Scheduling to Reduce Stress

Many of the students I see in the Weingarten Center come in because they feel like they are not using their time efficiently or are studying all the time. When I ask them how they schedule their day and manage their workflow, many students pause then explain that they keep their schedules, deadlines, and assignments in their head, referring to planners or schedules as too rigid. There are many stated reasons that students dislike the rigidity of keeping a planner or calendar, but the most common objection is that the perceived rigidity stresses them out, or they feel they don’t have enough time in their day as it is, so planning daily would be another burden added on to an already stacked plate. The reality is that it takes time to develop new habits and planning sufficiently should reduce feelings of stress over time. There are a variety of resources students can use to fit all working styles such as Google Calendar, Apple iCal, a traditional paper planner and methods of planning referred to as “unscheduling.” This last one tends to resonate with students most hesitant about traditional planning methods.  This blog post is the first in a series that will cover each one of these methods in detail. This first post will focus on traditional paper planning with electronic planning (via Google Calendar and iCal) and unscheduling to follow in subsequent posts.

For most students, my preferred approach to planning includes a combination of setting a regular but flexible weekly schedule, combined with making a daily task list. The first step I suggest to students is to make a list of all of their classes and then estimate a total number of hours of study time necessary to maintain academic success in each class. A typical schedule for a Penn student might look like this:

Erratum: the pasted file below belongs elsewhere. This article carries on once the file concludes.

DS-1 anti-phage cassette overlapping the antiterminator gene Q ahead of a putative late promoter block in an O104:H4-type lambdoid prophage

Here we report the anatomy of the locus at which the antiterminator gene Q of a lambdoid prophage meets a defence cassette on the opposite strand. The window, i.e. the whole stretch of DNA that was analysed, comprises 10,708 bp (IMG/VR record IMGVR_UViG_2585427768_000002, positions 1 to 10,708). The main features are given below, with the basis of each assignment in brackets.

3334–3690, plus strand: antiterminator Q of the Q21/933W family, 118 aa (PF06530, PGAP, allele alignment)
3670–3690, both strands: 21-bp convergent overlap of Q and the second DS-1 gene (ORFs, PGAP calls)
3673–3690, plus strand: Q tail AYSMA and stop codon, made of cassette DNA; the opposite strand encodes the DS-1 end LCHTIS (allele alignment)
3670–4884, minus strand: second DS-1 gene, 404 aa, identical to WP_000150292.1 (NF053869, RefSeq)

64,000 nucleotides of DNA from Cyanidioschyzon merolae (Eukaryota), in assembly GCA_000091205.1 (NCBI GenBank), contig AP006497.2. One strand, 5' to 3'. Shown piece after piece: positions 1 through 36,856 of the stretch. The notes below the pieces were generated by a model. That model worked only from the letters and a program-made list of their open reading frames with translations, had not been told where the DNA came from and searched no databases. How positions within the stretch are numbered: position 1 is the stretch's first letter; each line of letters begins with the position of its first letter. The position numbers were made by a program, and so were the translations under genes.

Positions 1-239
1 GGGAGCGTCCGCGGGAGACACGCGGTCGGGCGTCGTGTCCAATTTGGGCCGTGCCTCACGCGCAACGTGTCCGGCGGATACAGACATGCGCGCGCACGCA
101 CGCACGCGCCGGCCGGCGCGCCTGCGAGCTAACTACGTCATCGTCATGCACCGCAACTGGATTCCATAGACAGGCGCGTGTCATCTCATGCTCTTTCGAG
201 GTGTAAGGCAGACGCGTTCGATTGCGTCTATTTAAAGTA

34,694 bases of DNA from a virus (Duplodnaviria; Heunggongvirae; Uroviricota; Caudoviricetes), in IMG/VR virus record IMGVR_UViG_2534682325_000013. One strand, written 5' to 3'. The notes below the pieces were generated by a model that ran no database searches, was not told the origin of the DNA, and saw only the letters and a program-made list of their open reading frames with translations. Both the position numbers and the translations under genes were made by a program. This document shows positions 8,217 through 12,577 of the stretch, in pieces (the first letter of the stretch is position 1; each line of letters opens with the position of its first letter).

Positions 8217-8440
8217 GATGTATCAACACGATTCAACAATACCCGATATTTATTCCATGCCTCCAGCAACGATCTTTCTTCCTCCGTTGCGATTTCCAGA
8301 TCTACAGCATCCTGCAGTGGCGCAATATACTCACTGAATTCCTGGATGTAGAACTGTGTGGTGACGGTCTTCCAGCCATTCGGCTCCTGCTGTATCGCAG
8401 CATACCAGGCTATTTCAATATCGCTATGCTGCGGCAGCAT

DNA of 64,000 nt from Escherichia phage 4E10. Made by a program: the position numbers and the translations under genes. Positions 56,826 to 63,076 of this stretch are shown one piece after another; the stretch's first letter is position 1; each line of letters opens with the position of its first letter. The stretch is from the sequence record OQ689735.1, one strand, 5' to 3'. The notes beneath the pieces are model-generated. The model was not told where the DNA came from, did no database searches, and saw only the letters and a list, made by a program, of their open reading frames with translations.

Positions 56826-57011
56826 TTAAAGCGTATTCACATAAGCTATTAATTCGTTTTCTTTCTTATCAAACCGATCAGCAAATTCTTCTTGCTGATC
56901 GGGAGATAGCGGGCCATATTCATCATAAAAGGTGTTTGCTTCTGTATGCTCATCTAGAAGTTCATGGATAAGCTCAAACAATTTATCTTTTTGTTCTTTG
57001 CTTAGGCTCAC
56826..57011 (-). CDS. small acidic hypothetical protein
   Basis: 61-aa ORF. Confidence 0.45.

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The next step in the process is to map a typical week on an hour by hour basis including class schedule, meals, work study, athletic requirements, sleep, and any other regular weekly meetings other commitments you might have and then fit in study time and self-care/free time in the remaining space.  A typical student schedule may look like this:

Sample Schedule

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This approach is also helpful when registering for classes. It is important to consider the demands of each class and how demanding they are of your time. There is only so much time in a day and making time for things such as self-care, exercise, sleep and free time is essential to prevent burnout and promote academic success. You may have noticed that I scheduled in general study time instead of assigning work for specific classes in each of those spaces. This is to allow for the flexibility that is necessary for the changing workloads typical in classes throughout the semester. A heavy week in one class may be paired with a light week in another class. I suggest students spend the first 15 minutes of their study time each day making a task list of work for the day. Make sure to break up assignments into smaller tasks of approximately 45 minutes for each task. This is referred to at Weingarten as “chunking your work” and should help to mitigate the desire to procrastinate. You should also take frequent study breaks of about 5-10 minutes after every 45-60 minute work session. This will help maximize productivity and increase knowledge retention.

Staff Writer: Randall Perez

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